The project is supported by the Sustainable Energy Authority of Ireland (SEAI) through the RD&D programme.
This is a joint project between between University College Dublin School of Civil, Structural and Environmental Engineering and Geoserv.
Irish subsurface conditions are generally quite well understood and much data exists on the rock types and groundwater properties. However, data on the thermal properties of Irish rocks is less well understood.
This project wishes to build on the work initiated by the Geological Survey of Ireland and UCD* at profiling the geothermal properties of Irish ground conditions. This is being done to determine the suitability for deployment of closed loop, ground source heat collectors in order to:
1) aid the optimisation of these collectors at the design stage by providing ground thermal properties data for the purpose of sizing and
2) facilitate their deployment in Irish conditions by promoting “best practice” and allowing for a more reliable quantification of their potential energy contributions
The project will gather this data by carrying out down hole field tests on existing geothermal collectors as well as lab testing of cores from different Irish rock formations to be undertaken at UCD.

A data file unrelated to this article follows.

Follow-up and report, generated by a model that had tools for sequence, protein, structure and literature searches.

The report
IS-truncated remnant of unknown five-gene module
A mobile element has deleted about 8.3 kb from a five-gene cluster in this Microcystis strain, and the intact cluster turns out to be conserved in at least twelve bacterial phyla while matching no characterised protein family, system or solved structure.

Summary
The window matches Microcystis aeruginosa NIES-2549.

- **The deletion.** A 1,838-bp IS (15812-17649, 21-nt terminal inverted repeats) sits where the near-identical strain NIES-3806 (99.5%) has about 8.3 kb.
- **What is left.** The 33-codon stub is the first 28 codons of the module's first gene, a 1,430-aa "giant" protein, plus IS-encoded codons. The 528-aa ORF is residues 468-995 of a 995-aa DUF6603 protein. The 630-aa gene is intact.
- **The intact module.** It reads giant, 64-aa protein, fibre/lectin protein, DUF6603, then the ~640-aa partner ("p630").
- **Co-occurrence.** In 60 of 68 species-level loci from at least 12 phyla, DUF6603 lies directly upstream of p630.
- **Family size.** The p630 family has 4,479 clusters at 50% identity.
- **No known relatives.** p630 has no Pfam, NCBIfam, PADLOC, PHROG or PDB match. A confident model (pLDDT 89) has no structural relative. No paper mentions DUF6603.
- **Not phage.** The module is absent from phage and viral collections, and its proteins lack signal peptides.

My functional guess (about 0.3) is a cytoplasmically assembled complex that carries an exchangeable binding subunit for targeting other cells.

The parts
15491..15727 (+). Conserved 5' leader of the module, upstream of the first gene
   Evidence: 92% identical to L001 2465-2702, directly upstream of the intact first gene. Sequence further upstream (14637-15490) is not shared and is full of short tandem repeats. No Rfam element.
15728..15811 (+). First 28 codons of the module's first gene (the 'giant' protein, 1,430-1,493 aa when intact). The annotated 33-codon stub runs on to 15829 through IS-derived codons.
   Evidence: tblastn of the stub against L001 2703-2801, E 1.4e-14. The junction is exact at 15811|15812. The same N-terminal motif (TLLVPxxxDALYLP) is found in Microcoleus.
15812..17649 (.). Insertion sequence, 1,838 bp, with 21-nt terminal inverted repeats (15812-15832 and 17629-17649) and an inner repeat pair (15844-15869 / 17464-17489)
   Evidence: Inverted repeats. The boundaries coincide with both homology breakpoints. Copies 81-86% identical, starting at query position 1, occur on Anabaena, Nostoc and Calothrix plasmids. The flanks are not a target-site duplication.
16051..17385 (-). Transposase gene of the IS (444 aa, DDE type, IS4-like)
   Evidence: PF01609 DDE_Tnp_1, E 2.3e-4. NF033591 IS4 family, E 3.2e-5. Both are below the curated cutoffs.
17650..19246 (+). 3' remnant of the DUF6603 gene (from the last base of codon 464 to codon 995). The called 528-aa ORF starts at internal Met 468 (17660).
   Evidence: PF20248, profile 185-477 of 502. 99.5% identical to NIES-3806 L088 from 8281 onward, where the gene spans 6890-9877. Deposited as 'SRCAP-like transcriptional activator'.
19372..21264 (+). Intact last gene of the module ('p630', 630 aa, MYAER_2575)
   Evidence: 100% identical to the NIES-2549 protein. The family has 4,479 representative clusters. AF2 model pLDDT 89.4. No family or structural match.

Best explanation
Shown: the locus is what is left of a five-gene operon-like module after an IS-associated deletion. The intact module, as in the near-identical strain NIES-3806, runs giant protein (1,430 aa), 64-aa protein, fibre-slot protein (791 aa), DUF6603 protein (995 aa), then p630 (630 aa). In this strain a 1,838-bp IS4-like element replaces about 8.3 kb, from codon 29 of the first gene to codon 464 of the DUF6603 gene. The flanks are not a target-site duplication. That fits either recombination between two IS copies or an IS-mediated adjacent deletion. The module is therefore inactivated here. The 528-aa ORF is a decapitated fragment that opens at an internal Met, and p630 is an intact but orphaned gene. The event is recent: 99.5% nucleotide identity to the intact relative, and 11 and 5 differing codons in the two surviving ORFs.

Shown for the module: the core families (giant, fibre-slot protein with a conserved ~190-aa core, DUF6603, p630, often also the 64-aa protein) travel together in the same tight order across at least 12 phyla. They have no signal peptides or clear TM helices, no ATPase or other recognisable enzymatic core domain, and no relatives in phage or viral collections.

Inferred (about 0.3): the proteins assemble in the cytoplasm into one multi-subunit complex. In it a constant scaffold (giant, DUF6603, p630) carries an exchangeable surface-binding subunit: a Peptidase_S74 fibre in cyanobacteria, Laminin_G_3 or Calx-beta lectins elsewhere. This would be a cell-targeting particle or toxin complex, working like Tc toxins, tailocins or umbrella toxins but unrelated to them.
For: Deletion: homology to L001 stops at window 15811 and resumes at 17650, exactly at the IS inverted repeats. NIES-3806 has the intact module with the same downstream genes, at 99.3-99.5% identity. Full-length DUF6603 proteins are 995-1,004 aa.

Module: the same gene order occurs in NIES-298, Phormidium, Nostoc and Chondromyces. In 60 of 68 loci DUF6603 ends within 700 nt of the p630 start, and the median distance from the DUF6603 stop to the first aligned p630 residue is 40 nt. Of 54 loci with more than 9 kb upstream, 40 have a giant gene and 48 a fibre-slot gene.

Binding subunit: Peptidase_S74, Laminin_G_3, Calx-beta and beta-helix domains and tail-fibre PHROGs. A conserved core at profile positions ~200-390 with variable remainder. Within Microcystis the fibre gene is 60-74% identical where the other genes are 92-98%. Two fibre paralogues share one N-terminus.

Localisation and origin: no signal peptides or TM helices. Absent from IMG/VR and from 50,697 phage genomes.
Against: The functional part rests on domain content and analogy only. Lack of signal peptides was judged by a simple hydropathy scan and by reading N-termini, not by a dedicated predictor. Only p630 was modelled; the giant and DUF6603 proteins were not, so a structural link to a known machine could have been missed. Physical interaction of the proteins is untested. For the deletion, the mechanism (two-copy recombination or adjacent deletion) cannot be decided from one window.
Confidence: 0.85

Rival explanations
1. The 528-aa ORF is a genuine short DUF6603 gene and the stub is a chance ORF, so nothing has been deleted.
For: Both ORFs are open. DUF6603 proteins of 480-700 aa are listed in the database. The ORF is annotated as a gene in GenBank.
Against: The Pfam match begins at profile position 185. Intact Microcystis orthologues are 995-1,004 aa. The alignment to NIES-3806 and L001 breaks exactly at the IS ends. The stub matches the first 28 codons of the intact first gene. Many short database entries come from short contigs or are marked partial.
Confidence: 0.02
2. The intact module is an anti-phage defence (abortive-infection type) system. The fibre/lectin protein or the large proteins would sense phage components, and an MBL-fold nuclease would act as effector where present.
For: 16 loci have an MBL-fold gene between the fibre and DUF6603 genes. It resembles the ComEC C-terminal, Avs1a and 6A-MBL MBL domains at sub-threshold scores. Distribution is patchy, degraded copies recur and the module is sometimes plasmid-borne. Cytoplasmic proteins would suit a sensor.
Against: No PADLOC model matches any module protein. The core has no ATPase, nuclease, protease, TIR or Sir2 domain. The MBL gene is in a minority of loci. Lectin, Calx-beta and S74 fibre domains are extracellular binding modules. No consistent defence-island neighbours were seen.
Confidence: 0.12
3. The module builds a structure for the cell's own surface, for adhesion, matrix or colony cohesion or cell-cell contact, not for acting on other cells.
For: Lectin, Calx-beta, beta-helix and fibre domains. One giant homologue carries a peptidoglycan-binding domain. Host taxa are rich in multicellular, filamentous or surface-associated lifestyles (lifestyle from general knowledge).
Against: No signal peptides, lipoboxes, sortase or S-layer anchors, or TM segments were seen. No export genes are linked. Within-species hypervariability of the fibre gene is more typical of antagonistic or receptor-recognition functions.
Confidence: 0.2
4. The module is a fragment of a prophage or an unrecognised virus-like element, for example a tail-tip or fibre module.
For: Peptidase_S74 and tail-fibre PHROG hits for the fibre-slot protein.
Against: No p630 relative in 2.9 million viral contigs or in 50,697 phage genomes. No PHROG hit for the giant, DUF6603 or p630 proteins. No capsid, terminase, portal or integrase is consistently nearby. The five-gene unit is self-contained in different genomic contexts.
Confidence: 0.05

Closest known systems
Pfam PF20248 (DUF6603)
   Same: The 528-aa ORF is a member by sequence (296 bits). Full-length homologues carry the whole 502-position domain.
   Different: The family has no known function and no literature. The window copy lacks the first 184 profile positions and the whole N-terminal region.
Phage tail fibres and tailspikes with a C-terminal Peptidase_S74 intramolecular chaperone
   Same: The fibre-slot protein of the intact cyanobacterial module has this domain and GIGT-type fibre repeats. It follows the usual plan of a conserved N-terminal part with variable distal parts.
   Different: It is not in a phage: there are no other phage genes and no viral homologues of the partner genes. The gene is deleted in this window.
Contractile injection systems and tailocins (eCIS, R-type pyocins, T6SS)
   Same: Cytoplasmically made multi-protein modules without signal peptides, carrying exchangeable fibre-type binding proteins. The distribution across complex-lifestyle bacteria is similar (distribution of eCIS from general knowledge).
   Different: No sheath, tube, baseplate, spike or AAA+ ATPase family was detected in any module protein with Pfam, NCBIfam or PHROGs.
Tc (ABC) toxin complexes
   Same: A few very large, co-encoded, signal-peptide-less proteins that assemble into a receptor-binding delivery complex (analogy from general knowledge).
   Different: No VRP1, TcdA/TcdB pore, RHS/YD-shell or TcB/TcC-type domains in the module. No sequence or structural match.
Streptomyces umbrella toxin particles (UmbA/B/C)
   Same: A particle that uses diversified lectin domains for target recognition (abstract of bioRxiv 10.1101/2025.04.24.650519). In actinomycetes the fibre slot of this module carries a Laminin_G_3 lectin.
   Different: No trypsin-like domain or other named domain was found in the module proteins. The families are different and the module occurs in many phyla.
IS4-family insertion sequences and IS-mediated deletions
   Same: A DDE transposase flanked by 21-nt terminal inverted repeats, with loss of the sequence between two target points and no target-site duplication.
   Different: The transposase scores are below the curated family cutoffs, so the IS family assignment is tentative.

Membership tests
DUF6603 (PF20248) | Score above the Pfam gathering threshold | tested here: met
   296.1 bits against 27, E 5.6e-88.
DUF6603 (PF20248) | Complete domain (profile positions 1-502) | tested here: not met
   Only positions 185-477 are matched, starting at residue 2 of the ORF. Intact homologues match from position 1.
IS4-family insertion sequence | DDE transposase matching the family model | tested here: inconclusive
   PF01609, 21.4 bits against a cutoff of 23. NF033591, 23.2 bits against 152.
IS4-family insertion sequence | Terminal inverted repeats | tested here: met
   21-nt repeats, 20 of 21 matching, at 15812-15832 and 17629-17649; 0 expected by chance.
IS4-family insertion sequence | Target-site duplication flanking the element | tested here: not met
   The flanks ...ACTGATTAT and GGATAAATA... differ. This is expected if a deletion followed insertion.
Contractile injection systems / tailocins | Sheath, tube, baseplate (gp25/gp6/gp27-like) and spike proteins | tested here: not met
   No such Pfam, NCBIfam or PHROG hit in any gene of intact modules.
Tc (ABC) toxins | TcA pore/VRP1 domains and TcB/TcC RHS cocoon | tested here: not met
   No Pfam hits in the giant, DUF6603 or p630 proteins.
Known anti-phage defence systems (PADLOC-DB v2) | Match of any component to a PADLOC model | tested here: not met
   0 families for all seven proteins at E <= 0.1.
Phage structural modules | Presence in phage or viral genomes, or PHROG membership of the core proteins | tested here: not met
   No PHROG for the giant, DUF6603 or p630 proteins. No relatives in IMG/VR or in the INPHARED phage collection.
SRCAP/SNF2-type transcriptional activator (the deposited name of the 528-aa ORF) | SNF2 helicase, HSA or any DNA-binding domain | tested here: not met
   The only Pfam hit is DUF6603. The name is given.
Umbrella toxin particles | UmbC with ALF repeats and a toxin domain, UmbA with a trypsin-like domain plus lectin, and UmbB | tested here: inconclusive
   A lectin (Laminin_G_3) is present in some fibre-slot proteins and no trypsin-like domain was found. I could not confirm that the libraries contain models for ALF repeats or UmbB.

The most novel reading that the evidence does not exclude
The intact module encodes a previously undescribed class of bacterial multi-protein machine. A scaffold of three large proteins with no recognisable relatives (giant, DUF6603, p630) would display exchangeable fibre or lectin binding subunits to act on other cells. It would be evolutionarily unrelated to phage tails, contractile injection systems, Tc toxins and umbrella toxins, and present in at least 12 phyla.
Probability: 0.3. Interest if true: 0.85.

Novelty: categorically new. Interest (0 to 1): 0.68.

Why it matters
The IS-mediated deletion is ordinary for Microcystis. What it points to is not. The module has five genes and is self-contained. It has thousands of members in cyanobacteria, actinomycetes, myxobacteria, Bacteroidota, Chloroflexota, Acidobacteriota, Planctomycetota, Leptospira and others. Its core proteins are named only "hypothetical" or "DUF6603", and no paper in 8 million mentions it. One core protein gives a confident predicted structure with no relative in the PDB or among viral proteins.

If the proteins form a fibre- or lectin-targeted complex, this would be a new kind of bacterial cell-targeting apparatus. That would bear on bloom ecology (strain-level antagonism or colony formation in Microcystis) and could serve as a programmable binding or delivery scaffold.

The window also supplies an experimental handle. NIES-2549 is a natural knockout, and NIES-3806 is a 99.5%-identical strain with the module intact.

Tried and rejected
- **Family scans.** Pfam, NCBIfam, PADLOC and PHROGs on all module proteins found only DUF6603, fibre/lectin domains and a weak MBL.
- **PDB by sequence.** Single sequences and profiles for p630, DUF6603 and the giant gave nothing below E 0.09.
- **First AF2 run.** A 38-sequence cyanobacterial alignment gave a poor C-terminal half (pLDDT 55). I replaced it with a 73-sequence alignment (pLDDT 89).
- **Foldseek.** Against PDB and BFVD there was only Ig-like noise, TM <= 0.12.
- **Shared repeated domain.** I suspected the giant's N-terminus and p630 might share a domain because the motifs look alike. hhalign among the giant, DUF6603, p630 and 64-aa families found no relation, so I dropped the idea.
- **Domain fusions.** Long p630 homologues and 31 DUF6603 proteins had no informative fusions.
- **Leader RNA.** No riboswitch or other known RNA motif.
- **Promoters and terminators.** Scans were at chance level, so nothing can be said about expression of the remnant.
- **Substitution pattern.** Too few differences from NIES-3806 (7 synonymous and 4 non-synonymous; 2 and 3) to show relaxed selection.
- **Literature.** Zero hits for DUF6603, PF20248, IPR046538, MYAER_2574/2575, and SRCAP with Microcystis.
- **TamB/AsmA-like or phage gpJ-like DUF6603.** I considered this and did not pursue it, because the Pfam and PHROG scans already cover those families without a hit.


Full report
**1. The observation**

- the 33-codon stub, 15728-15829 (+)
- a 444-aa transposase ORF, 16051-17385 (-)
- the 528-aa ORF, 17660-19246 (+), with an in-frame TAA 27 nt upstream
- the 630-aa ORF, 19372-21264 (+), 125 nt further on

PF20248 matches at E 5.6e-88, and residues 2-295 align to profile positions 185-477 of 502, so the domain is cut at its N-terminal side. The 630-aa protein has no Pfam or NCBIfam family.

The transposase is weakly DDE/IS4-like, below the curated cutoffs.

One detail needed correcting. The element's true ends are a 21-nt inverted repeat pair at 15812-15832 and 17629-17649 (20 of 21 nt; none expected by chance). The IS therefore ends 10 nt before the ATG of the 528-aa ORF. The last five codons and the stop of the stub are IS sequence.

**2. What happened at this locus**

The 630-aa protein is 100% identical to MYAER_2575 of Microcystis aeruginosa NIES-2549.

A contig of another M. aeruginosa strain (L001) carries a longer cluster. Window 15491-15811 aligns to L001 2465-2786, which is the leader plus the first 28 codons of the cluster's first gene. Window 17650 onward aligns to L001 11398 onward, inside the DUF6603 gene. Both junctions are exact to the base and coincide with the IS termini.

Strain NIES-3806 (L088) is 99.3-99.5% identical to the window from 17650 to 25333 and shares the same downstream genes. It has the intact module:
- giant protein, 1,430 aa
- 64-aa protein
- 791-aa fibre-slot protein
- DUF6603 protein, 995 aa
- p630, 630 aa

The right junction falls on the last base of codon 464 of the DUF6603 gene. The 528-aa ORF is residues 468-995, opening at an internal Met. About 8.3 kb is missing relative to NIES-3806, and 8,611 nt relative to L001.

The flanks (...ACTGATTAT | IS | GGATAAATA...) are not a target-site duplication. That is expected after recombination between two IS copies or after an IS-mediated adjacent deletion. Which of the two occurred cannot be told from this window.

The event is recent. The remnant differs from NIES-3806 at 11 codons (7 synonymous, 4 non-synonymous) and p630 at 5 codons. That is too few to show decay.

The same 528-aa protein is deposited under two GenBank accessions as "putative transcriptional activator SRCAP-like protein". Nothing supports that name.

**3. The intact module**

The data obtained through this project will facilitate the understanding of potential shallow geothermal resources in given areas and will be used to help inform policy makers as to the potential for deployment of ground collector systems in different parts of Ireland, facilitating energy planning and the calculation of energy saving from optimised ground source collectors
*references: Hemmingway 2012, McGuiness 2013, Hemmingway and Long 2012 and 2013, and Mc Guinness et al, 2014
The ShallowTherm project has been supported with financial contribution from the Sustainable Energy Authority of Ireland under the SEAI National Energy Research, Development & Demonstration Funding Programme 2019, and Geological Survey Ireland (GSI) – Grant number 19/RDD/443. The project has also received in-kind contribution from GSI.